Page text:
Eating Instant Ramen Has An Unexpected Effect On Your Eyes

You might equate ramen noodles with an easy lunch when your parents or kids aren't around. It could also be one of those foods that makes you think of your college days with a smile. Regardless of how you reminisce about ramen, it's a staple in many American households because the little brick with the packet pouch is both easy to make and inexpensive.

Ramen noodles hail from Asian countries, where whole stores are dedicated to this delicious soup. However, while Asian ramen might be created from a broth base and have various veggies, the American variety is a little lacking. In addition to being loaded with salt and preservatives, the soup can be hard to digest and create issues for some. WebMD notes that the risk of metabolic syndrome increases in women who eat ramen more than twice a week; moreover, it can contribute to diseases like diabetes, high blood pressure, and stroke. Ramen is also lacking in protein, fiber, and other essential nutrients, per Healthline. As Cara Harbstreet, M.S., RD, LD, told EatingWell, "Objectively speaking, instant ramen noodles may not be the most nutritious option out there. They can be very high in sodium and may not contain much in the way of fiber, whole grains, vitamins or minerals."

Eating ramen daily can also affect your eyes due to the preservatives in it. It's also a known trigger for migraines.

Preservatives in instant ramen can cause visual disturbances

The added preservatives in ramen can cause eye issues when consumed frequently. According to Healthline, tert-butylhydroquinone (TBHQ) is added to ramen noodles for a long shelf life; when consumed in small doses, this shouldn't cause you any significant harm. 

But when you eat ramen regularly, TBHQ can cause neurotoxic effects like vision disturbances, per Pub Chem. Additionally, the Food and Drug Administration limits the use of TBHQ to 0.02%, which you can easily go over when having several bowls of ramen. Further, 2022 research in Toxicology Reports reveals that TBHQ at higher quantities can cause "cytotoxic, genotoxic, carcinogenic, and mutagenic effects."

With that said, you can still enjoy ramen and minimize your risk of vision disturbances by using broth rather than the included flavor packet for the soup. It's also beneficial to add a variety of vegetables to make your ramen more nutritious. "Anything from mushrooms to carrots to boy choy or cabbage can instantly add flavor, volume and nutrition to your bowl," suggests Cara Harbstreet, M.S., RD, LD (per EatingWell).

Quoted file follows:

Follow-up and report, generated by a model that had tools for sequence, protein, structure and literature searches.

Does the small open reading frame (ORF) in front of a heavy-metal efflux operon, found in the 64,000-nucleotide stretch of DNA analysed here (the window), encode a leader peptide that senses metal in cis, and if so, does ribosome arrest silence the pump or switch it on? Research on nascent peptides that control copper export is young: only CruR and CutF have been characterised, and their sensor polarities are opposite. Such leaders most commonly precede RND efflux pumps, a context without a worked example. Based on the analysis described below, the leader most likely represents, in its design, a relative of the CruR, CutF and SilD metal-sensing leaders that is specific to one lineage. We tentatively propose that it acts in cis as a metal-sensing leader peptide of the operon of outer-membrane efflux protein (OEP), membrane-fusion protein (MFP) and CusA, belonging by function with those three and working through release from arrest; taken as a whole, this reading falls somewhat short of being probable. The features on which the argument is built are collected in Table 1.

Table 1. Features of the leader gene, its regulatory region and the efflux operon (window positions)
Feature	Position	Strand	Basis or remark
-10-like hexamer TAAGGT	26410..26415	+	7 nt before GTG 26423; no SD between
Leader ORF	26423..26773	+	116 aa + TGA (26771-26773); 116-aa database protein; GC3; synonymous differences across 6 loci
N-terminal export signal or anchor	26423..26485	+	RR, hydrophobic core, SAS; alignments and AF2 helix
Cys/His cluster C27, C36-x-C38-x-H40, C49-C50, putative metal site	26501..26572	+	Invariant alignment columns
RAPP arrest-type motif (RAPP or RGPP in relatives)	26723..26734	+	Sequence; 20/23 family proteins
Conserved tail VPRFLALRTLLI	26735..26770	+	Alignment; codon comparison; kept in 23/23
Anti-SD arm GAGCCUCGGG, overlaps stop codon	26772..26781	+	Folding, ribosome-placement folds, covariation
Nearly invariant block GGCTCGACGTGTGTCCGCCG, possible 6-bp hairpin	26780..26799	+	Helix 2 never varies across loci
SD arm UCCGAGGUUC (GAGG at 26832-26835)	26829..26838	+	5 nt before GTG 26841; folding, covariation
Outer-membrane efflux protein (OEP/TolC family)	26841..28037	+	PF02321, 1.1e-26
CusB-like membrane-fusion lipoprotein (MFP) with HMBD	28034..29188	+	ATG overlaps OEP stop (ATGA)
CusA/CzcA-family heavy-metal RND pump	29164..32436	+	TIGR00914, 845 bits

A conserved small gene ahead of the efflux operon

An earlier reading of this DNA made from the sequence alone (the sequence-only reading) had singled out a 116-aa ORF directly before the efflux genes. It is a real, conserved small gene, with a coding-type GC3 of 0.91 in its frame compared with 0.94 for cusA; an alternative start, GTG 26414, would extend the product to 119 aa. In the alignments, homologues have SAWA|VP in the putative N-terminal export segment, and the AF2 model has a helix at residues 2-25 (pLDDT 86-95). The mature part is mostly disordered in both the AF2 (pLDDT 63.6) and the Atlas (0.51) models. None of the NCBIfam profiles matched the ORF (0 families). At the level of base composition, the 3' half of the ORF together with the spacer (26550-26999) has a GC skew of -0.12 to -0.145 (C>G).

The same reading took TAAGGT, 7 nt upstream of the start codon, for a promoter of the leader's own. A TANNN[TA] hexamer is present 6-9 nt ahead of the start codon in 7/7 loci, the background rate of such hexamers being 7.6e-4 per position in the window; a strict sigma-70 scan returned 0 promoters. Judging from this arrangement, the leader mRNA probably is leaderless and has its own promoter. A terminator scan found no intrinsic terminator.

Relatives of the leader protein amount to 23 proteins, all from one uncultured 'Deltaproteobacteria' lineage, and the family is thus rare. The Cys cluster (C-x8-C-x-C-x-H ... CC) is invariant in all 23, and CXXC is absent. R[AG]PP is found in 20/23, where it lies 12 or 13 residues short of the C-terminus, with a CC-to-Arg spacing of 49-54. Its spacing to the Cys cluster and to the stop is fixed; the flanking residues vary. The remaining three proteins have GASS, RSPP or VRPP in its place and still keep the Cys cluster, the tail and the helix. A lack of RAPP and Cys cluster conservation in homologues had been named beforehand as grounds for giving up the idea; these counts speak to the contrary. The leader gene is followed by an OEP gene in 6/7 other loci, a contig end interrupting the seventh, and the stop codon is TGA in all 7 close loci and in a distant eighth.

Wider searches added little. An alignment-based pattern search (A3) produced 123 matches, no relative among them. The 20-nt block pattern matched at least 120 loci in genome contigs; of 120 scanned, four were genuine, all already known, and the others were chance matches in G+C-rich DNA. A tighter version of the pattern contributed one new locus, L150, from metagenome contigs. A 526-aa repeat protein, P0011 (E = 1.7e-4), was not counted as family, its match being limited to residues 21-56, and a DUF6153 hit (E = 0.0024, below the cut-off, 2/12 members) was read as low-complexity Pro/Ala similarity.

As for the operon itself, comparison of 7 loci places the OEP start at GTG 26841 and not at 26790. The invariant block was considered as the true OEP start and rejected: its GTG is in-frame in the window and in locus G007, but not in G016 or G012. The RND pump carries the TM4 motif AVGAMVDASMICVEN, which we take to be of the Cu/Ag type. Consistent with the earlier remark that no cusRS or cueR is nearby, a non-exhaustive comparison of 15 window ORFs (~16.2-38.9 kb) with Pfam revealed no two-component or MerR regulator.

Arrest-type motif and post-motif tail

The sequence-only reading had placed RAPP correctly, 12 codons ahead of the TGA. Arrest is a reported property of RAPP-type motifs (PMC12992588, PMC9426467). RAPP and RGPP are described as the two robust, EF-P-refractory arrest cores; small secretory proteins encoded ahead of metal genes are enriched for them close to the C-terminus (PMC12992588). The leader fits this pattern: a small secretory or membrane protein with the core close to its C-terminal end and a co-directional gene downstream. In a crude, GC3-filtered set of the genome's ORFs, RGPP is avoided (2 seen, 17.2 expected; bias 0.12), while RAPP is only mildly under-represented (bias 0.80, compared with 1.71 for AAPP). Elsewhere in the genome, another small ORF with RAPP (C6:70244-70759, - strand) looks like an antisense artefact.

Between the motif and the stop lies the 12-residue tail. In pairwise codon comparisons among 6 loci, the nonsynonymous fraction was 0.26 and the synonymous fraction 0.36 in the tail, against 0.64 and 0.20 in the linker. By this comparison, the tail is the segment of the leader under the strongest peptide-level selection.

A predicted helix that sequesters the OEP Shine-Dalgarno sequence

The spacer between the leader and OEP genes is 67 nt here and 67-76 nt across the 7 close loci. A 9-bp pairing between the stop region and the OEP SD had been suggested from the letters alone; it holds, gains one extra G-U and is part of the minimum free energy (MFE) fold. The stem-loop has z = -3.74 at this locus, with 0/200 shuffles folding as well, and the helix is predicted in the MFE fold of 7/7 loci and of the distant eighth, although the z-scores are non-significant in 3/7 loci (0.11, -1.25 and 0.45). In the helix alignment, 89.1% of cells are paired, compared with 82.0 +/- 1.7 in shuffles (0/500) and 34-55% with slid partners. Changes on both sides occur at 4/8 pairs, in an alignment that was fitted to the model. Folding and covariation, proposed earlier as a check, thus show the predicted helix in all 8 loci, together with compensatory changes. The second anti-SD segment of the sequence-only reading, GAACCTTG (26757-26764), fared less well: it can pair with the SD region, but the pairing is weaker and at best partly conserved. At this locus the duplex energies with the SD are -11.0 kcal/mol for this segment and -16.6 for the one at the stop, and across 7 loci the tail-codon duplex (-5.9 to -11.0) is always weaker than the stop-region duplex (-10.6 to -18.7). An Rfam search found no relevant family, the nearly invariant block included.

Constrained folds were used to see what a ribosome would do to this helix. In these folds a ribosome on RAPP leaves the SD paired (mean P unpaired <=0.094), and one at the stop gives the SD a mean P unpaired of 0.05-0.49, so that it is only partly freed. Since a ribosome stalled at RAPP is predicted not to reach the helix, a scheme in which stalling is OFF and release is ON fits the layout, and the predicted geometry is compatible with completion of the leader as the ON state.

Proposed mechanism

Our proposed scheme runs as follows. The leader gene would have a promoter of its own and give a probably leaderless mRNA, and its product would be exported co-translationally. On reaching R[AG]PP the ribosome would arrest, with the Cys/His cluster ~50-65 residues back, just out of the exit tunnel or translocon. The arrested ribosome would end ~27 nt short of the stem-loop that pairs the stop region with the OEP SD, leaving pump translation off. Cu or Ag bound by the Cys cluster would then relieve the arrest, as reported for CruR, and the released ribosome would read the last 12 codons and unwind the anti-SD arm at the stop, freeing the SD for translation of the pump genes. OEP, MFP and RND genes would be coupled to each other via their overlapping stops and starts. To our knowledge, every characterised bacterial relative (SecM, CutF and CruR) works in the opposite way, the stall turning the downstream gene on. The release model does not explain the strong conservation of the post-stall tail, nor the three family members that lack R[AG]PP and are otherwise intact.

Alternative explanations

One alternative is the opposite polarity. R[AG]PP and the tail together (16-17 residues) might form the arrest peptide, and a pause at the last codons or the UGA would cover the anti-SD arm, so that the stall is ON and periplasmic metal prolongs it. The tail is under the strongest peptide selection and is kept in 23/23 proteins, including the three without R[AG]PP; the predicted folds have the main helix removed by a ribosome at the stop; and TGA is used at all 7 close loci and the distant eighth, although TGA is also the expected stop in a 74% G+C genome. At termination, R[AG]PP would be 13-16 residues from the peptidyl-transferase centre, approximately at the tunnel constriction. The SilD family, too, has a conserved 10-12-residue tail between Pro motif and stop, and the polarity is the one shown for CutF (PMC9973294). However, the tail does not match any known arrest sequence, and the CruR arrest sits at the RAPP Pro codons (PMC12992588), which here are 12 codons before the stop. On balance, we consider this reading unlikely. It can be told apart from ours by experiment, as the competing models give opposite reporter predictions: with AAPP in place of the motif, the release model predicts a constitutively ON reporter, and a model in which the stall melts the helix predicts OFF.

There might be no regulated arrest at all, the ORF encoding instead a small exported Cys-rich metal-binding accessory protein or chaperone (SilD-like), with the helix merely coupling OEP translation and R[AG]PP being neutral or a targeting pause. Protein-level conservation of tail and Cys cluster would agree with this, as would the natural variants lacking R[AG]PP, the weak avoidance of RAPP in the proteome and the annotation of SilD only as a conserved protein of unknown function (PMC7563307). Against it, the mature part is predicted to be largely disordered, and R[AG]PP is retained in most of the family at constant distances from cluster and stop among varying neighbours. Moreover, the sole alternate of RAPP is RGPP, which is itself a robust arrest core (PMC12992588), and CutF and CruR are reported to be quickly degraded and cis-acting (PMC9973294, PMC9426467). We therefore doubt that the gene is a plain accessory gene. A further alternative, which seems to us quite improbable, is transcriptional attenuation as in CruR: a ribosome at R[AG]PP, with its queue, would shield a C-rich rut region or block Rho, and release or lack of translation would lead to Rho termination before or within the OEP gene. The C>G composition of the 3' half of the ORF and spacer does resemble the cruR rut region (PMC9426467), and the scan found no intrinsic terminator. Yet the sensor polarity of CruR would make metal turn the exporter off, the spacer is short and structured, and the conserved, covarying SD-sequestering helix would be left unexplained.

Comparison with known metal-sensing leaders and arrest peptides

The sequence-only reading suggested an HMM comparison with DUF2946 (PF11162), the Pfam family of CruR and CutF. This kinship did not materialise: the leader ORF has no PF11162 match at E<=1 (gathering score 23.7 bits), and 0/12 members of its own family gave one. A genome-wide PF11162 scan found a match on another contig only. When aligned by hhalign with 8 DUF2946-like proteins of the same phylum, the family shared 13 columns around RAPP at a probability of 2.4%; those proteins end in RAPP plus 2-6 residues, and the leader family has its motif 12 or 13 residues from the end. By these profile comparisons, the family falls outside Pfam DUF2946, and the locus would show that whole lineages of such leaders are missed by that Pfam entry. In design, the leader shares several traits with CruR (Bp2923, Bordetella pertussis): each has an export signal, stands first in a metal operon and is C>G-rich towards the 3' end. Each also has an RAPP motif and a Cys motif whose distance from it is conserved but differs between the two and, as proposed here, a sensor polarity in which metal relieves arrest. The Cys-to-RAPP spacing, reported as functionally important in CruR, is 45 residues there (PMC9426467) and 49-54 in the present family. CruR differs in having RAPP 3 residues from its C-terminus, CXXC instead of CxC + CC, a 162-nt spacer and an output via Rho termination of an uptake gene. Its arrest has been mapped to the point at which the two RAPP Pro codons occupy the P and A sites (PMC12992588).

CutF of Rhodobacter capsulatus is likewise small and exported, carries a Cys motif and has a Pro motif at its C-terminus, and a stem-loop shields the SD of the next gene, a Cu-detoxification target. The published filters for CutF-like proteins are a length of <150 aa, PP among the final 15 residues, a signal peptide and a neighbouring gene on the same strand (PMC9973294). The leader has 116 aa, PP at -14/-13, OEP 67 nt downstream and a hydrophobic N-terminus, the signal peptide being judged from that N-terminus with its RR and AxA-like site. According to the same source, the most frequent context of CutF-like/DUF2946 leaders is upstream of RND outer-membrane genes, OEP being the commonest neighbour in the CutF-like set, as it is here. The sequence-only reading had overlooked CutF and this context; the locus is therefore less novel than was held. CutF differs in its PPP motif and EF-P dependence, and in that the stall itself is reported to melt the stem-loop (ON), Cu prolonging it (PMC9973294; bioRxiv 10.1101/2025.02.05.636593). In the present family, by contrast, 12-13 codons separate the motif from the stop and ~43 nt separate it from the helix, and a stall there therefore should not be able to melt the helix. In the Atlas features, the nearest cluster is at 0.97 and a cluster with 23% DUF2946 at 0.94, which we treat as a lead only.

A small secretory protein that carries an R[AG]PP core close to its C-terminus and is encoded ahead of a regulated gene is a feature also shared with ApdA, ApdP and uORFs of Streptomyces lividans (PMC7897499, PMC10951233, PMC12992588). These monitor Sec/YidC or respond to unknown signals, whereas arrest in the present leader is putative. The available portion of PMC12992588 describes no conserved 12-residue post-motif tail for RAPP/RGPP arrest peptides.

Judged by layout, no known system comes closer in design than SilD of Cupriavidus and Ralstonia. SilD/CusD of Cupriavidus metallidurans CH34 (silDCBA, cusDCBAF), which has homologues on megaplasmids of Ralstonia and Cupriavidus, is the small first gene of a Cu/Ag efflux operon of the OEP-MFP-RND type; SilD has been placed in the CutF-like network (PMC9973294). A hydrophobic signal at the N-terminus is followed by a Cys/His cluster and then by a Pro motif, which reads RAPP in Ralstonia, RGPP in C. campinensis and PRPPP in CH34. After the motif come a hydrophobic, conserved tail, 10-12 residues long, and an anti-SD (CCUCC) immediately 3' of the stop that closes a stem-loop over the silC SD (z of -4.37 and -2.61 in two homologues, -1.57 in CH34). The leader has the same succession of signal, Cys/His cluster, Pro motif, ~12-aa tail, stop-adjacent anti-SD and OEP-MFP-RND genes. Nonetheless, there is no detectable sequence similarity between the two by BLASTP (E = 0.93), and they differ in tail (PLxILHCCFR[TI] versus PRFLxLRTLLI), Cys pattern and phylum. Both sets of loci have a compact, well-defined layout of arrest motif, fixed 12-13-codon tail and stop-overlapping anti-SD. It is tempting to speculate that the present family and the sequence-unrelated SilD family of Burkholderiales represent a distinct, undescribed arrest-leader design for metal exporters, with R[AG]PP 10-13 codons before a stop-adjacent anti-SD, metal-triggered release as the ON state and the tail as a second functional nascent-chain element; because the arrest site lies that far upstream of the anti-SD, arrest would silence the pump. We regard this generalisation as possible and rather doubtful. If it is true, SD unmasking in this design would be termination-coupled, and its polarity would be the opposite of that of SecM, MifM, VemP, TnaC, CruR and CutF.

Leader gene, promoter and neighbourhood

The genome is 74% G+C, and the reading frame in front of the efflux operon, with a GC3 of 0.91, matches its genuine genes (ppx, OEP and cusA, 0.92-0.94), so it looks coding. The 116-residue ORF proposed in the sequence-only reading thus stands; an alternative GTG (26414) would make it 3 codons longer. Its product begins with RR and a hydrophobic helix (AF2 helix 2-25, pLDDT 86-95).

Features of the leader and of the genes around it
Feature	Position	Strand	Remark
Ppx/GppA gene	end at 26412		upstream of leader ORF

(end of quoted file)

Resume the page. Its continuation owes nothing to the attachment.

MSG can cause visual disturbances by triggering a migraine

If you've ever wondered what makes Asian meals so delectable, many will tell you it's the MSG enhancing the flavor. MSG (monosodium glutamate) is generally safe for consumption, but it's been known to be a migraine trigger in those who suffer from headache disorder, per Healthline.

A migraine goes beyond just a typical headache and can even render people unable to function. Beyond just pain and vomiting, about 25% to 30% of people experience visual disturbances known as visual auras, according to the American Migraine Foundation. Visual disturbances can happen in one or both eyes and leave your field of vision with everything from lines to blind spots to fractured vision for less than an hour. 

The connection between migraines and MSG isn't that clear, though. A 2013 study in the Journal of Headache and Pain broke 14 individuals up into MSG and placebo groups. The MSG group showed headaches in about half the participants and increases in blood pressure that were attributed to the ingestion of MSG. However, a 2016 review in the same journal looked at several studies conducted on the causal relationship between headaches and MSG, and concluded that more research is needed in this area.